Does Falling Out of Love Mean The End Of Your Marriage?

By Terry Gaspard, MSW, LICSW

The most common complaint of couples today is that they have fallen out of love. However, falling out of love usually does not occur overnight. Likewise, relationship repair takes time and effort on the part of both partners and includes rekindling sexual intimacy and emotional attunement. There are not any foolproof ways for couples to fall back in love but ending destructive relationship patterns is a good first step.

Put an End to Harmful Relationship Patterns

Mariah puts it like this: “I love Jackson, but I’m just not in love with him anymore.” When Mariah drops this bombshell, Jackson responds, “I know we don’t have sex much anymore – but it just seems like a phase we’re going through. I was shocked when Mariah took our kids and slept at her mom’s house for a few days.”

Mariah explains that her feelings have been building up for years and she feels guilty because she is starting to fantasize about being with other men.  Jackson says, “I’m devastated and feel so betrayed. You have no loyalty to me and our sons – there’s no way I saw this coming.”

As Mariah and Jackson describe their typical pattern of relating during their ten years of marriage, it amounts to Mariah seeking out Jackson for emotional and sexual intimacy and Jackson withdrawing.  Jackson describes his disengagement from Mariah as a struggle. “It just feels hard to meet her expectations for always being so close. By the time, I hit the bed most nights I’m dead to the world. I just don’t have the energy I used to because I’m a manager at an exclusive restaurant and on-call several nights a week.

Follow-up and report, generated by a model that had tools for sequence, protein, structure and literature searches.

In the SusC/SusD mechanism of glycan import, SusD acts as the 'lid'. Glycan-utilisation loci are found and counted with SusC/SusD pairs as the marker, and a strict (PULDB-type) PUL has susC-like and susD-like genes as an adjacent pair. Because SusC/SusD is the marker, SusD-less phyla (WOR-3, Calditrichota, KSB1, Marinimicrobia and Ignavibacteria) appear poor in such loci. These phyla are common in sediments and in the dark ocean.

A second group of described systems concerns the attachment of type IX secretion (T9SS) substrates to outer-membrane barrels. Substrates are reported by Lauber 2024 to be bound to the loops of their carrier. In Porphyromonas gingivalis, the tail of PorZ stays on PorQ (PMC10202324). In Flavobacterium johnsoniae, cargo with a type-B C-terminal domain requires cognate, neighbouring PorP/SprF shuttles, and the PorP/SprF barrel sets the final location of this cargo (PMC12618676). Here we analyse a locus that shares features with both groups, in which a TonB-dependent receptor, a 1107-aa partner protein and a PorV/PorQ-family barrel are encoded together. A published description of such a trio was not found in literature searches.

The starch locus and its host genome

According to experts, the most common reason couples fall out of love and divorce is because of a pursuer-distancer pattern that develops over time. Dr. Sue Johnson identifies the pattern of demand-withdraw as the “Protest Polka” and says it’s one of three “Demon Dialogues.” She explains that when one partner becomes critical and aggressive the other often becomes defensive and distant.

Renowned relationship expert Dr. John Gottman’s research on thousands of couples discovered that partners that get stuck in this pattern the first few years of marriage have more than a 80% chance of divorcing in the first four or five years of marriage. He posits that men have a tendency to withdraw and women to pursue.  This pattern is wired into our physiology and reflects a basic gender difference. In his classic “Love Lab” observations, Dr. Gottman noted that this pattern is a major contributor to marital breakdown.

Nurture Emotional Intimacy

If Mariah and Jackson want to fall back in love again, they need to stop focusing on each other’s flaws and spend their energy fostering a deeper connection. In other words, stop assuming the worst of each other and put an end to demanding their partner change.

In over 40 years of research on couples in his “Love Lab” Dr. Gottman discovered that the two leading causes for divorce are criticism and contempt. In his book Why Marriages Succeed and Fail, he reminds us that criticizing our partner is different from offering a critique or voicing a complaint. The latter two are about specific issues, whereas the former is an attack on the person. For instance, a complaint is: “I want to be included in financial decisions. We agreed that you’d discuss big purchases with me.” In comparison, criticism might be: “You never consider my needs, you’re so selfish.”

Instead, couples who want to rekindle their passion and love need to “turn towards” each other. In The Science of Trust, Dr. Gottman explains that practicing emotional attunement can help you stay connected in spite of your differences. This means “turning toward” one another by showing empathy, and not being defensive.  In other words, both partners need to talk about their feelings in terms of positive need, instead of what they do not need. The speaker is really saying. “Here’s what I feel, and what I need from you.”

Ignite Sexual Passion

During the early phase of a relationship, many couples barely come up for air due to the excitement of falling in love. Unfortunately, this blissful state does not last forever.  Scientists have found that oxytocin (a bonding hormone) is released during the initial stage of infatuation – which causes couples to feel euphoric and turned on by physical affection – such as touching and holding hands. Oxytocin works like a drug, giving us immediate rewards and binding us to our lover.